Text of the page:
I'm glad to get the feedback.
I like Francesc's suggestion that .typecode return a code and .type
return a Python class. What is the attitude and opinion regarding the
use of attributes or methods for
this kind of thing? It always seems to me so arbitrary as to what is an
attribute or what
is a method.
There will definitely be support for the nummary-style type
specification. Something like that will be how they print (I like the
'i4', 'f4', specification a bit better though). There will also be
support for specification in terms of a c-type. The typecodes will
still be there, underneath.
One thing has always bothered me though. Why is a double complex type
Complex64? and a float complex type Complex32. This seems to break the
idea that the number at the end specifies a bit width. Why don't we
just call it Complex64 and Complex128? Can we change this?
I'm also glad that some recognize the problems with always requiring
specification of types in terms of bit-width or byte-widths as these are
not the same across platforms. For some types (like Int8 or Int16) this
is not a problem. But what about long double? On an intel machine
long double is Float96 while on a PowerPC it is Float128. Wouldn't it
just be easier to specify LDouble or 'g' then special-case your code?
Problems also exist when you are interfacing with hardware or other C or
Fortran code. You know you want single-precision floating point. You
don't know or care what the bit-width is. I think with the Integer
types the bit-width specification is more important than floating point
types. In sum, I think it is important to have the ability to specify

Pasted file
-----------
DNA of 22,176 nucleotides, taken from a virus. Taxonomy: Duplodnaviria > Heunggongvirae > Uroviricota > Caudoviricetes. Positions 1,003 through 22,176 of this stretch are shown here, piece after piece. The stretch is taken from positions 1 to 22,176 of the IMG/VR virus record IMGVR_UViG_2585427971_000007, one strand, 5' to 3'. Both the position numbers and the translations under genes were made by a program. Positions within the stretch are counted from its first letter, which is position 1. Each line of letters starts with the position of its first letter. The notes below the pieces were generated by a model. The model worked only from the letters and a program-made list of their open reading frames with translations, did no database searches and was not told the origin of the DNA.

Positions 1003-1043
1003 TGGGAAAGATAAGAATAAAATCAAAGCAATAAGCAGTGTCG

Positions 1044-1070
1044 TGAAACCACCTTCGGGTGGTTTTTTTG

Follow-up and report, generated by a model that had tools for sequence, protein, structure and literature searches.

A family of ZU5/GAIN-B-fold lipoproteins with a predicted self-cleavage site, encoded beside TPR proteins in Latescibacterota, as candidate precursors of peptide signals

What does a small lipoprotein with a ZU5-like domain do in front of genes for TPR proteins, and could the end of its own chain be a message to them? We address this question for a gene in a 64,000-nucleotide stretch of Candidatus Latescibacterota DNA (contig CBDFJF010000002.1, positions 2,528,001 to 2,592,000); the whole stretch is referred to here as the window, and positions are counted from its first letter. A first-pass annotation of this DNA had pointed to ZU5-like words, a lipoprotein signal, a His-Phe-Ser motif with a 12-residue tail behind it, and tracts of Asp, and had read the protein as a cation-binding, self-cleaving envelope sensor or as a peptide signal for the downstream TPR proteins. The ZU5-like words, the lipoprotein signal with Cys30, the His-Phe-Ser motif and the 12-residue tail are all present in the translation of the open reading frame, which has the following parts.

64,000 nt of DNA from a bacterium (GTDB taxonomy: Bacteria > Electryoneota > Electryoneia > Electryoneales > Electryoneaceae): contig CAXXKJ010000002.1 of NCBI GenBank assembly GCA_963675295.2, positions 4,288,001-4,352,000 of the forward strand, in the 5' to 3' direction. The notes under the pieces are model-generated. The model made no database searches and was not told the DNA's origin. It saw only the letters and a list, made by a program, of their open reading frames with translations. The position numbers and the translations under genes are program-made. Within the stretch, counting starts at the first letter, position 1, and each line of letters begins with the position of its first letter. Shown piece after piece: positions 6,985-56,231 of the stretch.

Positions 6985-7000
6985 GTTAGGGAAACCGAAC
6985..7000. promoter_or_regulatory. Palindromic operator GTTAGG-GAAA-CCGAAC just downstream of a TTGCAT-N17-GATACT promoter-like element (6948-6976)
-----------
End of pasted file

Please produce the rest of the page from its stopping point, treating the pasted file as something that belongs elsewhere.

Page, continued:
it both ways. When printing the array, it's probably better if it
gives bit-width information. I like the way numarray prints arrays.
2) Multidimensional array indexing.
Sometimes it is useful to select out of an array some elements based on
it's linear (flattened) index in the array. MATLAB, for example, will
allow you to take a three-dimensional array and index it with a single
integer based on it's Fortran-order: x(1,1,1), x(2,1,1), ...
What I'm proposing would have X[K] essentially equivalent to X.flat[K].
The problem with always requiring the use of X.flat[K] is that X.flat
does not work for discontiguous arrays. It could be made to work if
X.flat returned some kind of specially-marked array, which would then
have to be checked every time indexing occurred for any array. Or,
there maybe someway to have X.flat return an "indexable iterator" for X
which may be a more Pythonic thing to do anyway. That could solve the
problem and solve the discontiguous X.flat problem as well.
If we can make X.flat[K] work for discontiguous arrays, then I would be
very happy to not special-case the single index array but always treat
it as a 1-tuple of integer index arrays.
Capping indexes was proposed because of what numarray does. I can only
think that the benefit would be that you don't have to check for and
raise an error in the middle of an indexing loop or pre-scan the
indexes. But, I suppose this is unavoidalbe, anyway. Currently Numeric
allows specifying indexes that are too high in slices. It just chops
them. Python allows this too, for slices. So, I guess I'm just
specifying Python behavior. Of course indexing with an integer that is
too large or too small will raise errors:
a = [1,2,3,4,5]
a raises an error.
3) Always returning rank-0 arrays.
This may be a bit controversial as it is a bit of a change. But, my
experience is that quite a bit of extra code is written to check whether
or not a calculation returns a Python-scalar (because these don't have
the same methods as arrays). In particular len(a) does not work if a is
a scalar, but len(b) works if b is a rank-0 array (numeric scalar).
Rank-0 arrays are scalars.
When Python needs a scalar it will generally ask the object if it can
turn itself into an int or a float. A notable exception is indexing in
a list (where Python needs an integer and won't ask the object to
convert if it can). But int(b) always returns a Python integer if the
array has only 1 element.
I'd like to know what reasons people can think of for ever returning
Python scalars unless explicitly asked for.
Thanks for the suggestions.